Acupressure, which uses finger pressure on specific points on the body, has been around for thousands of years, and is believed to actually pre-date acupuncture (which uses needles to stimulate those points instead). Both acupressure and acupuncture are a part of Traditional Chinese Medicine (TCM) and are used all over the world now on humans and animals alike. Acupressure is becoming much more accepted in the Western world and is often used in conjunction with Western medical treatments. Some effects of acupressure include:
- reducing pain
- relieving muscle spasms
- resolving injuries more quickly by removing toxins and increasing blood supply
- enhancing mental clarity
- releasing natural cortisone to reduce swelling
- building the body’s immune system
When applying acupressure to your horse, typically the forefinger or thumb is used. Light pressure is usually preferable and is tolerated by most horses. Extreme sensitivity in an acu-point usually indicates excess Chi in that area. Pressure is usually applied to each selected acu-point for 10-20 seconds or until a release, or visible sign such as licking/chewing, head-lowering, yawning, etc., is shown by the horse.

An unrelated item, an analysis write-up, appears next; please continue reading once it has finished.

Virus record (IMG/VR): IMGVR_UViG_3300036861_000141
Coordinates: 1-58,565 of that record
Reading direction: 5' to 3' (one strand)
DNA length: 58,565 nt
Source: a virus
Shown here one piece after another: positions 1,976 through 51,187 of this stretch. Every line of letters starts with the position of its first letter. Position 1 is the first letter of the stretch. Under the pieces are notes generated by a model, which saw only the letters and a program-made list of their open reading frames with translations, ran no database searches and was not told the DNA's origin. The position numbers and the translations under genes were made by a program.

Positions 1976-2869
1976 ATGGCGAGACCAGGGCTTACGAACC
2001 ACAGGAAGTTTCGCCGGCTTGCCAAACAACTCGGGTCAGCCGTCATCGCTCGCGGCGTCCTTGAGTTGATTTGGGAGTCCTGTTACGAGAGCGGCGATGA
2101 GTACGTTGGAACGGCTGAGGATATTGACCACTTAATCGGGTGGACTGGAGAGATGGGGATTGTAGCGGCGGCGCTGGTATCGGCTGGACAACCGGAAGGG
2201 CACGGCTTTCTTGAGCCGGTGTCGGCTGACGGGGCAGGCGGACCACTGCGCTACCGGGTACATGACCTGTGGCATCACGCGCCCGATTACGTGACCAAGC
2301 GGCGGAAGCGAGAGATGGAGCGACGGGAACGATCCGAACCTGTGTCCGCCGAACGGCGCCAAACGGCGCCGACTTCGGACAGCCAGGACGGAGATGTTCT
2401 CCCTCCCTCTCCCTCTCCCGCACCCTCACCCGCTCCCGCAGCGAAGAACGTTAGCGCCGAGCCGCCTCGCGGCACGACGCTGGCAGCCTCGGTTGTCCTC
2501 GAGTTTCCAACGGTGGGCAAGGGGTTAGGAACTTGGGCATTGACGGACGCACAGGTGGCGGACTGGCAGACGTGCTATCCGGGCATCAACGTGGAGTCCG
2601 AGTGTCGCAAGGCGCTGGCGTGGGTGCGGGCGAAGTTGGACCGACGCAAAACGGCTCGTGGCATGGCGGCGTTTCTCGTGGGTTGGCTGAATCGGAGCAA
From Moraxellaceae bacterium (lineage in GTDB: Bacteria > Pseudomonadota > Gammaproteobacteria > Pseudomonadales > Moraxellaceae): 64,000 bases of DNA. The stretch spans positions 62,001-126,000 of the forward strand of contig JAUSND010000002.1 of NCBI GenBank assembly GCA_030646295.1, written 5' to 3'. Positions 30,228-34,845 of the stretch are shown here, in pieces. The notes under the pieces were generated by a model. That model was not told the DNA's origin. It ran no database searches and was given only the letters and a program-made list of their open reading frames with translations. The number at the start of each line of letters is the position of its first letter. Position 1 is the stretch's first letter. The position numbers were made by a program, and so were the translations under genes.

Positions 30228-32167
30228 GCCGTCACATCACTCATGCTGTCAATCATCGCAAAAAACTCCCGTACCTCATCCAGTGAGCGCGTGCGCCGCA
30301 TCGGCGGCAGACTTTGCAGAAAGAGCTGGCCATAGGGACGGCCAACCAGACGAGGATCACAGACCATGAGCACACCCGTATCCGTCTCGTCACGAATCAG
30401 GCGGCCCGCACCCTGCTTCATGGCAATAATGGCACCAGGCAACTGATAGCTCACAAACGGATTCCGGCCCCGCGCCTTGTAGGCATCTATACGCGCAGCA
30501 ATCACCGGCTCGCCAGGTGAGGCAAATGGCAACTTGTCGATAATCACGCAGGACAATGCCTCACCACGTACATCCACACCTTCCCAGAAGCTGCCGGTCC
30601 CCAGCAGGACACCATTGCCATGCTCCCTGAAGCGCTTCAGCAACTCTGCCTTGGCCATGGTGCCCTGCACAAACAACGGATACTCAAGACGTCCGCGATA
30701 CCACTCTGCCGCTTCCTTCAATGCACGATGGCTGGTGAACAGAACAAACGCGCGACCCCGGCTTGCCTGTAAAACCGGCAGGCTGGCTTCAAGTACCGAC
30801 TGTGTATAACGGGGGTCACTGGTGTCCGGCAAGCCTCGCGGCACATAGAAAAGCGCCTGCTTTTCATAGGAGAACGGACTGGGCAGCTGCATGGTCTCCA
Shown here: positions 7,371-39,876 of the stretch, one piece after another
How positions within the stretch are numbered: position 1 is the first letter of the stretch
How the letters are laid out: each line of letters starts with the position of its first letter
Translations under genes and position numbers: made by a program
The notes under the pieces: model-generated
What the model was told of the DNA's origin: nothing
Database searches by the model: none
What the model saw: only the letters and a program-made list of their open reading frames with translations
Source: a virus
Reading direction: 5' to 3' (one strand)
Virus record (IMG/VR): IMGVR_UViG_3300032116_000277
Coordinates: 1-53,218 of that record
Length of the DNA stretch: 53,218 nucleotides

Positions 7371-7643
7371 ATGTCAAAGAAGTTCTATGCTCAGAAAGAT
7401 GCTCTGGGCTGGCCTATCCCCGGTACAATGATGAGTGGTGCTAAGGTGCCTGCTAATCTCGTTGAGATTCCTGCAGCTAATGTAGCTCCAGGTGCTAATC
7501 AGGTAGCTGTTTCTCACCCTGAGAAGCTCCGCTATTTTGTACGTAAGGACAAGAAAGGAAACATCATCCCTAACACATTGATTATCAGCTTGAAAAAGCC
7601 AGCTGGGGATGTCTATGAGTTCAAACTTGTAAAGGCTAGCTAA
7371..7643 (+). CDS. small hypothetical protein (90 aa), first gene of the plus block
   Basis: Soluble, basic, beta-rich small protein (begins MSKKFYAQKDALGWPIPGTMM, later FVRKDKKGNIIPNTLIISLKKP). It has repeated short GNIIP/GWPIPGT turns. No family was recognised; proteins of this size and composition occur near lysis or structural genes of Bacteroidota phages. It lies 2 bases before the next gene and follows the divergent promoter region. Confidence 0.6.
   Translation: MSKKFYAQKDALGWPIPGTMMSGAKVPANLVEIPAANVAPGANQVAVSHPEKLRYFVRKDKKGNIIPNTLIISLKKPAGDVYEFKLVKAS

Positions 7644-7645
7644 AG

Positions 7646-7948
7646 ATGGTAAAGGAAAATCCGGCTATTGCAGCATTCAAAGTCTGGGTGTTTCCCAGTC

For more information on learning equine acupressure, I highly recommend reaching out to:
Kim Bauer http://www.animaleasetherapies.com/
Kim is a Nationally Certified Practitioner having passed the National Board for Animal Acupressure and Massage exam (NBCAAM). She also teaches at the Northwest School of Animal Massage.
If you are interested in learning about more mindful Equine techniques, and Assisted Equine Learning, reach out to the wonderful Carrie Fuentes at: https://www.triskelerivers.com/facilitator